interval (CI), 80% power, and a 20% risk of not using a condom in workers (two psychologists and two social workers) with previous
an initial sample of 520 participants; (2) a non-response rate of experience in the area of sexuality and gender issues. Maps were
10% reported in this type of survey [16] and (3) a 15% loss due to produced by the use of a Geographical Information System (GIS)
migration, death, or disability determined in a pilot test. Eligibility that enabled the interviewers to nd the households. Interviewers
criteria were set for men and women ages 1549 years residing in were matched to interviewees of the same sex to increase the like-
rural and urban areas of the municipality of Len for at least three lihood of obtaining accurate answers to questions that were sex-
years and who were willing to participate. The sample was checked related or gender sensitive. Where privacy could not be obtained,
to assure that it was representative and did not differ from the an appointment was made to return at a later time. The survey
HDSS population in terms of sex and residence distribution. was administered in Spanish.
W.J. Ugarte et al. / Sexual & Reproductive Healthcare 4 (2013) 3744 39

Analysis Table 1
Background characteristics of 520 participants in Len, Nicaragua, survey, 2009.

Descriptive statistics were used to determine the characteristics Characteristic Frequency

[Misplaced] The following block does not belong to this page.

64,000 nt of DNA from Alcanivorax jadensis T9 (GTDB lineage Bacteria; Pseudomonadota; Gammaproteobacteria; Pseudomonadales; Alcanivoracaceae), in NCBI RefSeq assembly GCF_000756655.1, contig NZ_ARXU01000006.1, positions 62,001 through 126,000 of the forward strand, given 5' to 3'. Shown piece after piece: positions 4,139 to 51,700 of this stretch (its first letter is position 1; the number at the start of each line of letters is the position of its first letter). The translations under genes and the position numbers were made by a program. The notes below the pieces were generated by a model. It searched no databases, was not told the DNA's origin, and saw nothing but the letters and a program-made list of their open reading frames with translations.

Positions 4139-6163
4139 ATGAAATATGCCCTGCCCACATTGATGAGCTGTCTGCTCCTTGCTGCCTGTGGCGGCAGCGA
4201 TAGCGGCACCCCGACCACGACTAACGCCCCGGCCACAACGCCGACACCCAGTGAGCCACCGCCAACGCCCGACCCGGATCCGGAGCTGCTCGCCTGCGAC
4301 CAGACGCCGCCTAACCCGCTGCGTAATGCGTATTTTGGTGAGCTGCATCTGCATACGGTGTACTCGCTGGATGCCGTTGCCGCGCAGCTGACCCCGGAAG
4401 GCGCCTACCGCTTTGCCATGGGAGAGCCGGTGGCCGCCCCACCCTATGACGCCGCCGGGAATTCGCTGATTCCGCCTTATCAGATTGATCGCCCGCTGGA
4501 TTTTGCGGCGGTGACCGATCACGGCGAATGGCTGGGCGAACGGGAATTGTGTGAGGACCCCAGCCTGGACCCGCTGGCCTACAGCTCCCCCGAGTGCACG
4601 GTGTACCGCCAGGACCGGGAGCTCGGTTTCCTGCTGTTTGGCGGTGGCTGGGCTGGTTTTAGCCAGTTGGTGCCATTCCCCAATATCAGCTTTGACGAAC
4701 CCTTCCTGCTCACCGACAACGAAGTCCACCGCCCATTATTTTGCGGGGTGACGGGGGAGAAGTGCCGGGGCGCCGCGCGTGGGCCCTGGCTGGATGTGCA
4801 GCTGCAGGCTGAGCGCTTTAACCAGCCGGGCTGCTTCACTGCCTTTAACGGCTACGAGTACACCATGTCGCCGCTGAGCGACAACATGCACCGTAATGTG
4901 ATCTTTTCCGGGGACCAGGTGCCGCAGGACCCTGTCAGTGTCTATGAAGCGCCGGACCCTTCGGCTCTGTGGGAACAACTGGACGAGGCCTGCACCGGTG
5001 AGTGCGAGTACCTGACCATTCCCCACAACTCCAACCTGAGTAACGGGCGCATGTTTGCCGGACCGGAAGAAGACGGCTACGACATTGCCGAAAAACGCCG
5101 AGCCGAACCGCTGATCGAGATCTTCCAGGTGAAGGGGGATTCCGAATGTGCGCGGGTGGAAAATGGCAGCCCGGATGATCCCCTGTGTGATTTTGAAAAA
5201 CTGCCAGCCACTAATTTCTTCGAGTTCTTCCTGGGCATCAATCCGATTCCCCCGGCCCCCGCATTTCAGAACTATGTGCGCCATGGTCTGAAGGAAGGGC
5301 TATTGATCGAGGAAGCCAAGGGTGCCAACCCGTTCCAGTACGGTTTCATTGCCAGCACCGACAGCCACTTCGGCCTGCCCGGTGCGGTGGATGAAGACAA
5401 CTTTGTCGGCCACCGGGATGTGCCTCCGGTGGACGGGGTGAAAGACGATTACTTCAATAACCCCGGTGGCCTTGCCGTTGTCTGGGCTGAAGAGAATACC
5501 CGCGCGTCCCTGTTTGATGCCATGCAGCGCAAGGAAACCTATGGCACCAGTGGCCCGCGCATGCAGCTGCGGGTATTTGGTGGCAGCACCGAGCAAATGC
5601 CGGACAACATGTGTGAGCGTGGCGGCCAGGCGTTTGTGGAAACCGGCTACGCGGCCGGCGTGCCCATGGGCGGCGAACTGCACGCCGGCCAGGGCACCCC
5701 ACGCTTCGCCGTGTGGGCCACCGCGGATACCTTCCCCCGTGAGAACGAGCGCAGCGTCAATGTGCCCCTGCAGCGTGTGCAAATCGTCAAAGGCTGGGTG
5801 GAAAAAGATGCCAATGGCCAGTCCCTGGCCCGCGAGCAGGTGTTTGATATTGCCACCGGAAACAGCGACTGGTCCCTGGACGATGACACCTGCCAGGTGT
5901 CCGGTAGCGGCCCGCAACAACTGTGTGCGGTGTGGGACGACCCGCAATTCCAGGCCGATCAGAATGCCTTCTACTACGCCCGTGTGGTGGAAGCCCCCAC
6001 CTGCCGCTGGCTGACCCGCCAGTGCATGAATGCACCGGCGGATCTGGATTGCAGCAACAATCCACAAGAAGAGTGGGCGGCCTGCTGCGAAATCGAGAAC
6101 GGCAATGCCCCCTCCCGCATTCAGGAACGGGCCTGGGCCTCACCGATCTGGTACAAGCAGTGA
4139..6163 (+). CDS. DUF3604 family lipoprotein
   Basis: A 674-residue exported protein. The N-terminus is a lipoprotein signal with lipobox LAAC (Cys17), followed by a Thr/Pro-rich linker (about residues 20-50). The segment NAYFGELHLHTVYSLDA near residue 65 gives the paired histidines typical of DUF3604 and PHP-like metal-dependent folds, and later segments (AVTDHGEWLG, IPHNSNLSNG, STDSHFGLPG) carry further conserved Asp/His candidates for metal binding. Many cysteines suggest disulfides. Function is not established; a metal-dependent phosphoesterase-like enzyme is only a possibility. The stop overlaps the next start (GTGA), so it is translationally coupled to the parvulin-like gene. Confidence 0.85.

of the sample with respect to each of the variables measured n (%)
according to proportions, means, and standard deviations. The
three main outcomes were (1) HIV-related knowledge, (2) aware- Male 253 (49)
ness of HIV infection, (3) and use of condom during latest sexual Female 267 (51)
intercourse. As these outcomes of interest were commonly found Age
in the study sample, we used the log binomial model to estimate 1524 204 (40)
2529 85 (16)
adjusted prevalence ratios (APRs) and 95% condence intervals
3034 68 (13)
(CIs) within the generalized linear models. Based on the literature, 3539 53 (10)
conceptual models were formulated for each of the three out- 4049 110 (21)
comes. Each model included the following demographic factors Area of residence
Urban 364 (70)
as independent variables: age, level of education, religion, area of
Rural 156 (30)
residence, household poverty index, number of casual partners, Level of education
and having been tested for HIV. In the second model, HIV-related Less than primary school 146 (28)
knowledge was added. In the third model alcohol and illicit drug Less than secondary school 176 (34)
use before or during sex, and self-perception of risk, were included Secondary school and higher 198 (38)
Marital status
as independent variables. Chi square analysis (using Fishers test
Not married 222 (42.7)
where applicable to correct for small cells count) was carried out Married or cohabiting 291 (56)
to compare distribution and assess gender differences in social, Divorced or separated or widowed 7 (1.3)
demographic, and behavioral indicators. p Value <0.05 was consid- Employment status
Student and/or employed 332 (64)
ered signicant. Finally, based on the outcome of this analysis, we
Unemployed 188 (36)
included factors in the multivariate analysis that had less than a Religious beliefs
0.20 level of signicance to obtain APRs and their corresponding Catholic 297 (57)
95% CIs. Data management and analysis were performed using Protestant 148 (29)
SPSS version 18 (IBM Corporation, Armonk, NY, USA) and STATA None 75 (14)
Mobility status
version 10 (StataCorp, College Station, TX, USA).
Internal Mobility 32 (6)
International Mobility 35 (7)
Ethical considerations Household poverty index
Not poor 265 (51)
Poor 203 (40)
Ethical approval was obtained from the Ethics Committee at the Extremely poor 52 (9)
Faculty of Medicine in Len, Nicaragua, in March 2009. Each partic- Sexual orientation